The documentation provides Ford's archivists and historians with a more complete picture of the GT40.
The reveal of the second-generation Ford GT in 2015 and its subsequent class win at the legendary 24 Hours of Le Mans propelled the supercar's forebear, the Ford GT40, to a new level of prominence. The 2019 film Ford v. Ferrari starring Matt Damon and Christian Bale didn't hurt either.
Now, thanks to that elevated status, numerous historic documents relating to the Ford GT40's development have been recovered. Just last June, we reported on some early GT40 design drawings that Ford shared after its archivists stumbled upon them while searching through the company's styling negatives. Now, a whole new batch of documents has surfaced, after being brought forth by former Kar Kraft engineer Don Eichstaedt, who had firsthand experience with the car.
Kar Kraft was a Brighton, Michigan-based outfit that, while on paper a separate business entity, was effectively Ford's skunkworks division. The company did the bulk of the early work on the Ford GT40, and was responsible for the Boss 429 Mustang - a super-rare, super-high-powered Mustang that allowed Ford to homologate its 429-cubic-inch V8 for stock car racing.
One of the crucial documents that Ford received was a Testing and Development Booklet prepared for Ford's Advanced Vehicles Division, which documents each of the GT40's trial runs, including at England's MIRA Proving Grounds on April 8, 1964 and its first-ever trial at the Le Mans road course a week and a half later. The documentation even includes first-person accounts of the car's performance, highlighting just how much work was left to be done in those early days; speeds on the Mulsanne straight could exceed 200 mph even in those days, and while in development, the GT40 was known to be unstable at high speeds.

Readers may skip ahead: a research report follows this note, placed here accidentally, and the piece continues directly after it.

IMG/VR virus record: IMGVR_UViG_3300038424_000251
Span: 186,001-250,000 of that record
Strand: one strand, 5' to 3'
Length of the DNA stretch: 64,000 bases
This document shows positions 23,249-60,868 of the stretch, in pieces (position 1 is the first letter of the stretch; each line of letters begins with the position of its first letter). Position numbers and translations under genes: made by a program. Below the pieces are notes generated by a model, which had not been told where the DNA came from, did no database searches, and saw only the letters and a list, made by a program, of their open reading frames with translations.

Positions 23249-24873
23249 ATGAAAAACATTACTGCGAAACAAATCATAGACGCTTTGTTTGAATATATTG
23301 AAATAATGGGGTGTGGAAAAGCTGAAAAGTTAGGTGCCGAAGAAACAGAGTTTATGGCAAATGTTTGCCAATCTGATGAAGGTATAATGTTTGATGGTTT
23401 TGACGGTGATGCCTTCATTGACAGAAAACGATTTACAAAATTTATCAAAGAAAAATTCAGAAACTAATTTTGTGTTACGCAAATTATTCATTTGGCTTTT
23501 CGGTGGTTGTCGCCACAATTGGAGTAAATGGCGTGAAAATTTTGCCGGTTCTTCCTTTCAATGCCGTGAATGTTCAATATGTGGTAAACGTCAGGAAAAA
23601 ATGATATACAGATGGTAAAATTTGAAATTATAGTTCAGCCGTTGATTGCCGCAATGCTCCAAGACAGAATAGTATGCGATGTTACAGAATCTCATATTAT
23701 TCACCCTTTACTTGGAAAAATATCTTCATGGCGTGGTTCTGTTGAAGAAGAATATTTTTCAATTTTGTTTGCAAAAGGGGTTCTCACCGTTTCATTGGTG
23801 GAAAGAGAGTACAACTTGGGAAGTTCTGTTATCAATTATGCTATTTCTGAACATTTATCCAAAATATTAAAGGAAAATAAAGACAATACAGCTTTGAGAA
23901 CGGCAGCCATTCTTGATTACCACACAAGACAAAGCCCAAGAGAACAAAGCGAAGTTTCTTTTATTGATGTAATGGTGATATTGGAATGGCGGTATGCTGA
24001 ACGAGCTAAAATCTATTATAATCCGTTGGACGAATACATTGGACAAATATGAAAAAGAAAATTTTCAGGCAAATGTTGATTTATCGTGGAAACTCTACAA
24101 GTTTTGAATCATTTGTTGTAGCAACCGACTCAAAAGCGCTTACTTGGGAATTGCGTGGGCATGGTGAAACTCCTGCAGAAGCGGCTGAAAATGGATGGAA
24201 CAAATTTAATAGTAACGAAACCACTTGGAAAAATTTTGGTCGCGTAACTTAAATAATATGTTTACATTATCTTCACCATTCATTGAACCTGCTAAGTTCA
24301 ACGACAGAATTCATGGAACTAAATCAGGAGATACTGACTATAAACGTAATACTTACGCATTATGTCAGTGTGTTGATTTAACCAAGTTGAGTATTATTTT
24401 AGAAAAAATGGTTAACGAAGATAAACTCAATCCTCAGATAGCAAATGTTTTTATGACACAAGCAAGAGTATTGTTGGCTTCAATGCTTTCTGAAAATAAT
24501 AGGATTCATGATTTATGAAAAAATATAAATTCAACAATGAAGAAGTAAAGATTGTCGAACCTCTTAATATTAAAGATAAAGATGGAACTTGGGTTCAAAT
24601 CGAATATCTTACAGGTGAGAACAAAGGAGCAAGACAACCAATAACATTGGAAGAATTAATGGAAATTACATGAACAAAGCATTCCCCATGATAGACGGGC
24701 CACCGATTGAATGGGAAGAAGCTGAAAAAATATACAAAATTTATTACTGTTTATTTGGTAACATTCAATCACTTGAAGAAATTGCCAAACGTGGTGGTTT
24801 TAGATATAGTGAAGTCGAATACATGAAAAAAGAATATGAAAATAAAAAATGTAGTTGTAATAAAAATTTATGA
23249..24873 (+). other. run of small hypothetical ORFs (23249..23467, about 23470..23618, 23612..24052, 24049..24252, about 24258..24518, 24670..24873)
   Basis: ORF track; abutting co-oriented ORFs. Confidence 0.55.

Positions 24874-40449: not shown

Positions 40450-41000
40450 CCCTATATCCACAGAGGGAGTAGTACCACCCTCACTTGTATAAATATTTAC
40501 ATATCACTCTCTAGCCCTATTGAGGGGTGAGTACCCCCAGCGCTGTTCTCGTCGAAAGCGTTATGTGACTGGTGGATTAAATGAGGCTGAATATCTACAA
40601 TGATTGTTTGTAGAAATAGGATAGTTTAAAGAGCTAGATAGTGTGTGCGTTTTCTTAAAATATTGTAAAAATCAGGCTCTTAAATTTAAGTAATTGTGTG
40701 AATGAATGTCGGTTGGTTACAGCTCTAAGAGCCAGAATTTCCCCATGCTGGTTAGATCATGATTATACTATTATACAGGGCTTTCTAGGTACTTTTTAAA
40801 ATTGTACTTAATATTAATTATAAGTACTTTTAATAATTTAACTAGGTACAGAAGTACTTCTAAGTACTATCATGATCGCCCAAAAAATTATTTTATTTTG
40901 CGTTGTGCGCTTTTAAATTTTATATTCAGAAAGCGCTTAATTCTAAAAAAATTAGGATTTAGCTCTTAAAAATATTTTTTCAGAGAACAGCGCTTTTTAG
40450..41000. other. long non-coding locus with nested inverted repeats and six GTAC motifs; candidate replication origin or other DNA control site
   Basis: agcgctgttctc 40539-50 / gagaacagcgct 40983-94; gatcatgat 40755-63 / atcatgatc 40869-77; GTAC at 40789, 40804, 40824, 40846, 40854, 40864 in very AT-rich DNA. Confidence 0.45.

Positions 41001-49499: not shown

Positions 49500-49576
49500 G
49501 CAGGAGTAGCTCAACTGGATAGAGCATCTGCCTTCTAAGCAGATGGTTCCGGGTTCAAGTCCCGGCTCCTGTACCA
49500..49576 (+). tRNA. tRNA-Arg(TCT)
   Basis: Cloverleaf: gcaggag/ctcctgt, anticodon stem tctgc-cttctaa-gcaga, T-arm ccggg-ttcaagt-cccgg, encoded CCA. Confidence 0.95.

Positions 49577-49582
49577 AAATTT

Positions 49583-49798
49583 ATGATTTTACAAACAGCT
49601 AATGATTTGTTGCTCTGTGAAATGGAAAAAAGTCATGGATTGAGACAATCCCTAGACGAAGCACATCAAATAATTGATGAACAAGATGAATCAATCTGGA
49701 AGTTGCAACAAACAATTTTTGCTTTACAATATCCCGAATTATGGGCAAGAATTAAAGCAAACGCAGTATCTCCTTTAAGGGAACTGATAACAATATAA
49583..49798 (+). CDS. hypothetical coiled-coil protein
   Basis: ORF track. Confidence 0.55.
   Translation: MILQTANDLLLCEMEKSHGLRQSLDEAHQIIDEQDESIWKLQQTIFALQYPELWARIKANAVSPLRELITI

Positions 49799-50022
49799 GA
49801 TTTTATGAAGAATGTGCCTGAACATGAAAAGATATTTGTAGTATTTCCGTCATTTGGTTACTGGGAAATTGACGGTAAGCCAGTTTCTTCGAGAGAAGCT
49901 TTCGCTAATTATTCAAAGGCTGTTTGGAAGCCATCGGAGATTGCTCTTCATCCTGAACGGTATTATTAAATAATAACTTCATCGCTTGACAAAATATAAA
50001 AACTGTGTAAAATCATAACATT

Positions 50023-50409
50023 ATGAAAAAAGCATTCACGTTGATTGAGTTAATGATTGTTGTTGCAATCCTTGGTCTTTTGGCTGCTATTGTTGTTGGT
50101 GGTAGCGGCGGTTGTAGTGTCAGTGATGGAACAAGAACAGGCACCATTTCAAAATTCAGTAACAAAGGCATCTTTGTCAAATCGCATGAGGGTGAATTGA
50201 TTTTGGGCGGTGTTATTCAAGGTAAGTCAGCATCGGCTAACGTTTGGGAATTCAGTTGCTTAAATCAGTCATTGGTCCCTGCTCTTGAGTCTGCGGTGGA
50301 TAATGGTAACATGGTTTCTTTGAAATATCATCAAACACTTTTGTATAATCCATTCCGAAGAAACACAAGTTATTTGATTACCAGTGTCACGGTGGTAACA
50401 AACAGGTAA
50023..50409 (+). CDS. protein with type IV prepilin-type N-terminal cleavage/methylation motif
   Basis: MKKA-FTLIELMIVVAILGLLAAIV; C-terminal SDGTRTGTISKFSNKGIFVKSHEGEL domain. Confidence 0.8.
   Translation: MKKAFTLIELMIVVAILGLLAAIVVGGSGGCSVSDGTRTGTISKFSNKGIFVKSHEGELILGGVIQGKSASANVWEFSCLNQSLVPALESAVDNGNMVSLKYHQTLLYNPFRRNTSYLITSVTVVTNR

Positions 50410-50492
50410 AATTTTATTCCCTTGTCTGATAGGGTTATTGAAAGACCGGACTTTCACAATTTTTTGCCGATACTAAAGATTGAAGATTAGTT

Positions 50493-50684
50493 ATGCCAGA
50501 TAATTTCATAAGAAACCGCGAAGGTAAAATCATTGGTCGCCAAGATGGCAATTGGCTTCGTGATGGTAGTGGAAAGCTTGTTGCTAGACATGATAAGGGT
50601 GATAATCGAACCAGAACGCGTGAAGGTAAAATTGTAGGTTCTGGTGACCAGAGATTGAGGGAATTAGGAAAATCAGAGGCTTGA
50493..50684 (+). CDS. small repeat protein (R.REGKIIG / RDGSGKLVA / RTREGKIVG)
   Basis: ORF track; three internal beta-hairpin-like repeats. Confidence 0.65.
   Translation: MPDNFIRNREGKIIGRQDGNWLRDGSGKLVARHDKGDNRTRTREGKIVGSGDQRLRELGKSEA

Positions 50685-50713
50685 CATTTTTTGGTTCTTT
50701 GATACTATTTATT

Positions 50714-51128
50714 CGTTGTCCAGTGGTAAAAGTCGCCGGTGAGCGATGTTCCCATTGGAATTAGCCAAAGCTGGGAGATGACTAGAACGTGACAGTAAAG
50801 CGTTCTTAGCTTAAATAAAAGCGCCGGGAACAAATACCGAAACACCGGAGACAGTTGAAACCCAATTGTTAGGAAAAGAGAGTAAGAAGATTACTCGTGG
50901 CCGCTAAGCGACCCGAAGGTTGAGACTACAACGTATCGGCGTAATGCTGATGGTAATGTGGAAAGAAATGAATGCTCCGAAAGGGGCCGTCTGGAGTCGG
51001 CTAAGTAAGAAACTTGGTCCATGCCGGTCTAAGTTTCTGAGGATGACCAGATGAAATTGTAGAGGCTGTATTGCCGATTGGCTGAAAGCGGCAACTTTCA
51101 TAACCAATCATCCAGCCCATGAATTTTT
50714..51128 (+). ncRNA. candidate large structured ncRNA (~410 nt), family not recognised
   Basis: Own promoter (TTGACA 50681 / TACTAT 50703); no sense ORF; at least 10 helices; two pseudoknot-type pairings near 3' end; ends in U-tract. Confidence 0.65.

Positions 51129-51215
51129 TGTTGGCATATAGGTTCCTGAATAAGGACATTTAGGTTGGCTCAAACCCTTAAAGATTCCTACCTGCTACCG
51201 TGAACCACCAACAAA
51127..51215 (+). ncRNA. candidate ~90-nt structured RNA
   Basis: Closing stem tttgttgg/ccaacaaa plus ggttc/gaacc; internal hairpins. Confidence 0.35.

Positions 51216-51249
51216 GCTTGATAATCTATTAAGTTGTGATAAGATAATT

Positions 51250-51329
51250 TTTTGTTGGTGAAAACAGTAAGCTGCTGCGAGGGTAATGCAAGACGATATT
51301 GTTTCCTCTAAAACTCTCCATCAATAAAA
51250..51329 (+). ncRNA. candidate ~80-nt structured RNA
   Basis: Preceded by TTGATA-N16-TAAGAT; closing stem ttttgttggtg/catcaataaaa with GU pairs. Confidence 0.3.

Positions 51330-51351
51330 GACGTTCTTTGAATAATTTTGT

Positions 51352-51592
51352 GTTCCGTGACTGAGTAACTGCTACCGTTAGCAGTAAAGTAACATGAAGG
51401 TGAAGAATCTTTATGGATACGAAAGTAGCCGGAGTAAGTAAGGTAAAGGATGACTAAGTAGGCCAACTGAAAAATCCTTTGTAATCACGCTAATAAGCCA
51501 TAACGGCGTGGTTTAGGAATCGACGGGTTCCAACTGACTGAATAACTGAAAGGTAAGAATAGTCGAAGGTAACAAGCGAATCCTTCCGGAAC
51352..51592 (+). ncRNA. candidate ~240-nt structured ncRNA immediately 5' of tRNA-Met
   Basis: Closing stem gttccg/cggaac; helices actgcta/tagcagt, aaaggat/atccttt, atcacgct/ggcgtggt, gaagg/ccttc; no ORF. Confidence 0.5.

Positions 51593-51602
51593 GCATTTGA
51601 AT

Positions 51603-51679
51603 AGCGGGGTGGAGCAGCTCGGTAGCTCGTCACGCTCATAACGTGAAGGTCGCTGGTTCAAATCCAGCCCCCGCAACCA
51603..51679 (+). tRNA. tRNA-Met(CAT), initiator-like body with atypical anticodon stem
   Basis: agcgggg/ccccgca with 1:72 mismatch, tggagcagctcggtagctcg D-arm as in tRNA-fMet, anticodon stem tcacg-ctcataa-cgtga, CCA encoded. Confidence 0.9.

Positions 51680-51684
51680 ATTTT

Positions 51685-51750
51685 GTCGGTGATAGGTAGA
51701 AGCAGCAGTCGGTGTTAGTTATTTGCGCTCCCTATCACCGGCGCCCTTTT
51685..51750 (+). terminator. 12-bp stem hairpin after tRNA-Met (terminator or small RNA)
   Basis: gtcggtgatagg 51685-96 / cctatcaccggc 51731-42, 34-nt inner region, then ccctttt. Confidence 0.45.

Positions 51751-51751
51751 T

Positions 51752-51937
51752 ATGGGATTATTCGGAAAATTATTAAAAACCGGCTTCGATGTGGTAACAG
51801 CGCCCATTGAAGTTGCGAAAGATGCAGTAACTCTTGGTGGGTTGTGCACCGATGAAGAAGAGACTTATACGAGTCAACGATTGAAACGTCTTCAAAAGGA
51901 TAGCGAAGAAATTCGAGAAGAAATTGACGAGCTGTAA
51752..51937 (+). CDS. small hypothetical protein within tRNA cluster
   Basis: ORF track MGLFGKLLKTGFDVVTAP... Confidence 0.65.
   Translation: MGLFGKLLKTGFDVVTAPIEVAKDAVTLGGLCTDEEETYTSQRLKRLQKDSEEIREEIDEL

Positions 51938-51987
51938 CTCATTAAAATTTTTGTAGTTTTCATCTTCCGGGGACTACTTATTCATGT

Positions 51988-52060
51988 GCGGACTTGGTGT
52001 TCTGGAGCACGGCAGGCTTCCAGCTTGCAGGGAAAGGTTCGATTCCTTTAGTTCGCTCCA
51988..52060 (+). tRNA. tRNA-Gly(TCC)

But also included in the recently recovered documentation is an Illustrated Parts List prepared by John Wyre - the man who, after Ford scrapped its Advanced Vehicles Division following the 1967 racing season, went on to start J.W. Automotive Engineering Limited and produce road-going examples of the Ford GT40.
The documents are an incredible find, helping to plug glaring gaps in Ford's historic GT40 documentation and preserve the story of one of the most iconic race cars of all time.